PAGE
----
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Recipe for Grilled Pizza thegrillman.blogspot.com

Crust Ingredients

  • 4 1/2 cups unbleached bread fl our
  • 2 teaspoons salt
  • 1 teaspoon instant yeast
  • 1 3/4 cup ice water

When you adjust the water/flour remember that after the dough is mixed it’s almost impossible to add more water, but it’s easy to add flour. Err on the side of sticky.

We use spray oil a lot. It’s handy and doesn't affect the flavor at all.

It seems like a long time in the refrigerator, but you’ll notice the difference in flavor. This long rest brings out great taste and texture from the flour. The best pizza crust I ever ate is made from a low protein fl our, a small amount of yeast and a three day rise in the refrigerator.

When you are grilling, you can reuse the same sheet of foil for each pizza, but if you are feeding a crowd, you want everything rolled out, oiled and ready to go because the grilling process is hectic and requires close attention.
Image courtesy of Suat Eman / FreeDigitalPhotos.net

Form the crust
Grilled Pizza by thegrillman.blogspot.com1 - Combine the flour, salt and yeast in the bowl of your mixer. Add the ice water as you start the mixer on medium with the dough hook. Mix for seven minutes on medium speed. Adjust the wetness of the dough by watching how it sticks to the bowl. It should look like this photo by sticking at the bottom, but releasing from the sides. Add small amounts of either fl our or water until it looks like this. 

2 - Form the dough into six pursed balls. Place them on a cookie sheet lined with oiled parchment paper. Brush or spray them with olive oil and cover with plastic wrap. Place this pan in the refrigerator overnight; or at least 12 hours. Yes twelve hours! 

3 - Remove the dough balls from the refrigerator two hours before you are going to be grilling so they warm up to room temperature. Flatten them out with your hands and let them rest for five minutes. Roll them out with a floured rolling pin. It’s a sticky dough, so don’t be afraid to use a lot of fl our. Start with nothing thinner than 1/4” until you have tried it a few times.

4 - Put each crust on an oiled sheet of heavy duty aluminum foil, then oil the top of each round before they go on the grill.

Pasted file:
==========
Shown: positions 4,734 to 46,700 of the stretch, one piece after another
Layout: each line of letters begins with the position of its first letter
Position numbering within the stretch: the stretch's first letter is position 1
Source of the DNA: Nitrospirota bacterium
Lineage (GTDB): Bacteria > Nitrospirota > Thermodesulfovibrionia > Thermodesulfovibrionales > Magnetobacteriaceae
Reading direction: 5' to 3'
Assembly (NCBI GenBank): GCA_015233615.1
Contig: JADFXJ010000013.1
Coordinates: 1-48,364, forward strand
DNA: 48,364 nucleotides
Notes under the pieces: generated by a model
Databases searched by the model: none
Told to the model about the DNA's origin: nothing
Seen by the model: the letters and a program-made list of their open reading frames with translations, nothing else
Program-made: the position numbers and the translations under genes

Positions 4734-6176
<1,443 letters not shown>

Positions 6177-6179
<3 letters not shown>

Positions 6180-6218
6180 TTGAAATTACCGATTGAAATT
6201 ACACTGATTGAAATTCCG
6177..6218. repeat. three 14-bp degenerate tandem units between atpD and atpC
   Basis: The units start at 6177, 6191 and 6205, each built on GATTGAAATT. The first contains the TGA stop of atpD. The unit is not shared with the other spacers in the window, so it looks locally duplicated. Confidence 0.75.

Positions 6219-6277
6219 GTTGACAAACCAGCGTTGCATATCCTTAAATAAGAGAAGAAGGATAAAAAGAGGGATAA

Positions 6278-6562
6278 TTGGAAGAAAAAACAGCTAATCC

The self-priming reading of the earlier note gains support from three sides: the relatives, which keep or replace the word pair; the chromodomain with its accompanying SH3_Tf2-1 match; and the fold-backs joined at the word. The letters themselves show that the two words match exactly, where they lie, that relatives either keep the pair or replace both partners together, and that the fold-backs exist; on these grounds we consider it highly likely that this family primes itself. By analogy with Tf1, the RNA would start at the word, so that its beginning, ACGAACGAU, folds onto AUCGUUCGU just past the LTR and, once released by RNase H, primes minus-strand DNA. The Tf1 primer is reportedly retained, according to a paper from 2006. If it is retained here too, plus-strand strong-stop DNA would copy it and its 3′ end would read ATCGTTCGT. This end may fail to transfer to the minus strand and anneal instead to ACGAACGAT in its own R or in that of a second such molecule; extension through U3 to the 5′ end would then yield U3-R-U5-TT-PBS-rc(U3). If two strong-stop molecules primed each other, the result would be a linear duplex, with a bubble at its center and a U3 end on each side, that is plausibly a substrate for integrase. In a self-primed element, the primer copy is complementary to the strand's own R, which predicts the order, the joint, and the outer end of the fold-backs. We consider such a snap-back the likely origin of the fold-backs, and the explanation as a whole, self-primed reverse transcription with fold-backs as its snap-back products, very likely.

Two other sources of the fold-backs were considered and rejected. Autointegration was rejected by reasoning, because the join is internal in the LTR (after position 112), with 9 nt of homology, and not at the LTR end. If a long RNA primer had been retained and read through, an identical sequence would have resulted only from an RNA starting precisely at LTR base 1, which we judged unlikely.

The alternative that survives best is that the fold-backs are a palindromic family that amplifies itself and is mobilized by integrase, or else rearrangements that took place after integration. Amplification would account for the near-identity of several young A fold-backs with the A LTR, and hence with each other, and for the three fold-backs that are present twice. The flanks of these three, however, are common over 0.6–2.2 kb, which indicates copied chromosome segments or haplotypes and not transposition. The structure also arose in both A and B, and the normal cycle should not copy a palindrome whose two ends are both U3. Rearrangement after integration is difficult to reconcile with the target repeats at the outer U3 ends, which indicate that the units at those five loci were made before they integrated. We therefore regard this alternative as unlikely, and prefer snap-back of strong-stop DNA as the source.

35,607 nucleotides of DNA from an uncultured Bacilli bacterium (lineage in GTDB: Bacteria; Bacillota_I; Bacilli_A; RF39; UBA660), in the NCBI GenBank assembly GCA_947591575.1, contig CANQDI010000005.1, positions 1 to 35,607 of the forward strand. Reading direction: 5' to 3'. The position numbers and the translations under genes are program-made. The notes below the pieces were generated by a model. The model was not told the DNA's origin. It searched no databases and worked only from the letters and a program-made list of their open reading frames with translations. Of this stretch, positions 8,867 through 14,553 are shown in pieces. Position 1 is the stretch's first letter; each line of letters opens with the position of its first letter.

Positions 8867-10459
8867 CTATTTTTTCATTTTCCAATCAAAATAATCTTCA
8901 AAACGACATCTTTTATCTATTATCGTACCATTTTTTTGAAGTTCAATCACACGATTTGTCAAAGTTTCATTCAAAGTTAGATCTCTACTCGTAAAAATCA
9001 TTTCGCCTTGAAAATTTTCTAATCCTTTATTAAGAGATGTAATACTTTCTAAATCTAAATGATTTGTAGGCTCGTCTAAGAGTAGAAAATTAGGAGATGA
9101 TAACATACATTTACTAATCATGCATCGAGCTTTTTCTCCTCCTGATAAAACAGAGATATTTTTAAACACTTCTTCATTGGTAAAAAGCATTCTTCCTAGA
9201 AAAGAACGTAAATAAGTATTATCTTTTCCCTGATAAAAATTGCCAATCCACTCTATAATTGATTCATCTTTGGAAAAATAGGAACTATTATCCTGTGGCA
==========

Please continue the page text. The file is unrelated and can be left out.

Grilled Pizza by thegrillman.blogspot.com
1 - Everything in it’s right place before you start:
A thick bed of charcoal under half the cooking grate. Grate hot and oiled. Heat lever all the way down. All ingredients handy and organized. Think through your mise en place because it’s about to get wild.

2 - This is the tricky part. Slide the foil with a crust over onto the grate foil side down. Flip it over so the crust ends up oiled side down on the hot direct heat side of the grate. You will screw this up the first time you try it, so plan on throwing the first one away. Success depends on how thick you have rolled the crust,
dexterity and luck. Start out thick and small until you get the hang of it.

3 - When the bottom is crisp and the top is bubbly, flip it over and move it to the right (indirect) side of the grill.

4 - Add your toppings. Garlic first, then sauce, then meat and vegetables, then cheeses, then basil. Close the cover and watch for a temperature greater than 450 until the cheeses are melted. If you can’t get to at least
450 you need more charcoal. If you are using lump, you may only get three pizzas before you have to reload.

5 - Open the cover and check the bottom of the crust. If it’s not crisp and browned, slide it directly over the coals until it’s how you like it.

Basic Toppings

  1. Chopped raw garlic
  2. Thickened canned diced tomatoes
  3. Good cheese (mozzarella, Parmesan)
  4. Chopped raw basil
  5. Bell peppers (red are the sweetest)
  6. Lightly sauteed meat (Italian sausage)
  7. Good olive oil

When you get good at this, you’ll be able to master a really thin crust without it burning through. Practice for that, and you can back it off to whatever thickness you prefer.

Grilled Pizza by thegrillman.blogspot.com
The crust is the star of this production, not the toppings. Here is how we like the crust to look, razor thin in some spots, thick in others, crunchy edges, chewy middle, slight char.

Credits/Image courtesy of German Grill / German Grill

About George Robinson

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